Above all, when we turn from the Old to the New Testament, and from the old Book of Job to the new Gospel of Jesus, what, we may ask, does Jesus have to say about the existence of God? Nothing. He isn’t concerned with such petty problems as waged between our theists and atheists, or agnostics. He is no theologian, like the scribes and Pharisees, who stand out against him. He is a teacher and a prophet, and he teaches us—in contrast to all the books of the Old Testament put together—to address God as “Our Father in heaven,” repeating it again and again, no less than seventeen times in his Sermon on the Mount and fifty-one times in his discourse at the Last Supper.
Then, once we learn to address God as our heavenly Father—despite all the variations in the presentation of God in the Old Testament, in which (as St. Augustine says) the New remains hidden—and once we learn to regard ourselves as his dear sons and daughters, there is no room left for doubt but only for belief. And that belief is no blind faith against all evidence to the contrary. It is a reasonable belief, based upon what Newman calls in his Grammar of Assent a “convergence of independent probabilities” amounting to a moral certainty. Thus whether we look with wide open eyes upon the wonderful world around us, filled with vestiges of the divine creation, or upon ourselves as created to the image and likeness of God, we find our mind and heart raised upwards to our origin in him who is the light and life of our being. And so it is again St. Augustine who also says of God, “Because he is, we are.”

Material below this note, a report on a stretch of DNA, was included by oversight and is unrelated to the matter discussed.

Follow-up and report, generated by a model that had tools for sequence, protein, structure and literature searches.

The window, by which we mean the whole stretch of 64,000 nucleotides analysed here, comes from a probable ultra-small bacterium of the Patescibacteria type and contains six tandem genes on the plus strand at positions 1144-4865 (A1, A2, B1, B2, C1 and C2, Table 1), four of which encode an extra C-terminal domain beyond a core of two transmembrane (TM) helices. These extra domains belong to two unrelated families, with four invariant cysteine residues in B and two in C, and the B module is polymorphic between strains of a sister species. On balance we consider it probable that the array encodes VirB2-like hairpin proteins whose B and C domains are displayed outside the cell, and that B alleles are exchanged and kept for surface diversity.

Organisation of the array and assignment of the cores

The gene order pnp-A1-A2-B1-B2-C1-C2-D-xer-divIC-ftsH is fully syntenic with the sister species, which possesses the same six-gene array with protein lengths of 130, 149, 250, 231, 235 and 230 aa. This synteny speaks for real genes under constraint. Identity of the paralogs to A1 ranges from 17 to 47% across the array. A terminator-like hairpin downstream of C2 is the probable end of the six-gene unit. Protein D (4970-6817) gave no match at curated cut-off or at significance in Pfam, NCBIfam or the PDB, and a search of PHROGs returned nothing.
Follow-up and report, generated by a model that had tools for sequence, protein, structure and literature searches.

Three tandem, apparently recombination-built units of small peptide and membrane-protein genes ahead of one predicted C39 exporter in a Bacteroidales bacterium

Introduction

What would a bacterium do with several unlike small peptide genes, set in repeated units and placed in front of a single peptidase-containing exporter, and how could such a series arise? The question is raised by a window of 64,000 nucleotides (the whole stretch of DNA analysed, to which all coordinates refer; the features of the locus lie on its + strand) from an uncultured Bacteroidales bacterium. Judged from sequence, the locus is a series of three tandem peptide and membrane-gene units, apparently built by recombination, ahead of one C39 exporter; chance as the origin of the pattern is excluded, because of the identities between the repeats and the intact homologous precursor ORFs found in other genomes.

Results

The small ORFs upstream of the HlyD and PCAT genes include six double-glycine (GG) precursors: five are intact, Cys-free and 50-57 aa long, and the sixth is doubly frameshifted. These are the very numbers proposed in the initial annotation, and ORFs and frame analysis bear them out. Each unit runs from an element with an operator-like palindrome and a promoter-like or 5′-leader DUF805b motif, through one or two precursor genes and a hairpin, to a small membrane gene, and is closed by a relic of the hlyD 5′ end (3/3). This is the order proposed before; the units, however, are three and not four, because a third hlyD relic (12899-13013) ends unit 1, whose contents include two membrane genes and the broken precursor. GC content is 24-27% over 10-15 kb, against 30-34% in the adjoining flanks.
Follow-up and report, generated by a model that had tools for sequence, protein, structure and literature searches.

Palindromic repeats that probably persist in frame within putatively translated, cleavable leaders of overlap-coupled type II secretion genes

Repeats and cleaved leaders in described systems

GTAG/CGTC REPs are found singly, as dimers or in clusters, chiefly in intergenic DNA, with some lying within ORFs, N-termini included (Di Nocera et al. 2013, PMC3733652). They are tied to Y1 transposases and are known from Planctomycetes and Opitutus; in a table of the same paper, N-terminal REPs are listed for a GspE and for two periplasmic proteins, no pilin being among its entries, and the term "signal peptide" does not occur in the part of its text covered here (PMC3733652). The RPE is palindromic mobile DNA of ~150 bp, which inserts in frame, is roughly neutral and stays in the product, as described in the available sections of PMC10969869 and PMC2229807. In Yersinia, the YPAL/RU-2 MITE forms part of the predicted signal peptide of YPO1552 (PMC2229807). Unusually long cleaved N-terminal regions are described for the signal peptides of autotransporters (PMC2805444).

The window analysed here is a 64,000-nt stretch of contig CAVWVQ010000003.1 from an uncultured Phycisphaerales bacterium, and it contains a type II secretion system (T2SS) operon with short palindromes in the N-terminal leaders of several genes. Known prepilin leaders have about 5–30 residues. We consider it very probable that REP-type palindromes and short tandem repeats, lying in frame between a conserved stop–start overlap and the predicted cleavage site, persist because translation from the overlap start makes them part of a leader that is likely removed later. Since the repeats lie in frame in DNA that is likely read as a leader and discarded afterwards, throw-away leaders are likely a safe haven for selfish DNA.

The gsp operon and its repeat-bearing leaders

Such, in conclusion, is what Gary Gutting should have said to Michael Ruse, but for the unfortunate fact that he was considering himself as “cabined, cribbed, confined” to the terms of postmodern professional theology.
Peter Milward, SJ
In reviewing Michael Ruse’s book Atheism, Gary Gutting says, “It’s hard to see how there could be a rationally compelling case for atheism.” Indeed, back when I studied logic, I was taught that you can’t prove a broad negative. Well, nothing is broader or more negative than to say that there is no God. So if you jump to that conclusion, just know it is logically baseless.
Meanwhile, the case in support of the existence of God grew stronger in the twentieth century. Einstein’s general relativity theory, the Hubble telescope, and the background radiation discovered by the Bell Laboratory scientists all pointed to the fact that the universe had a beginning about 13.7 billion years ago. That is significant because, as Professor Gerald Schroeder says: Science could not have made a bigger concession to religion than the concept of a beginning.
Indeed the experience of humanity points to the theist conclusion. Everything we, or our science, has figured out—from the laws of nature to how to apply those laws to produce the whole array of modern marvels from engines to smartphones and much more—has been by a process of observing, measuring, and replicating what we learn from the world around us. This was more or less a process of reverse-engineering, to use the term applied when—in the building of a product—a competitor violates the patent rights of a patent owner.
And our science works. Our minds can grasp, to a significant extent, the logic inherent in what we have observed of our physical universe, and we have used that scientific knowledge to stunning effect. Having thus proved that reverse-engineering works, it makes no sense to say, as atheism requires, “Yes, but there’s no Engineer.” I won’t claim that this makes an air-tight case for my view, but it’s enough for me to gladly join Pascal in his famous wager.
George E. Ward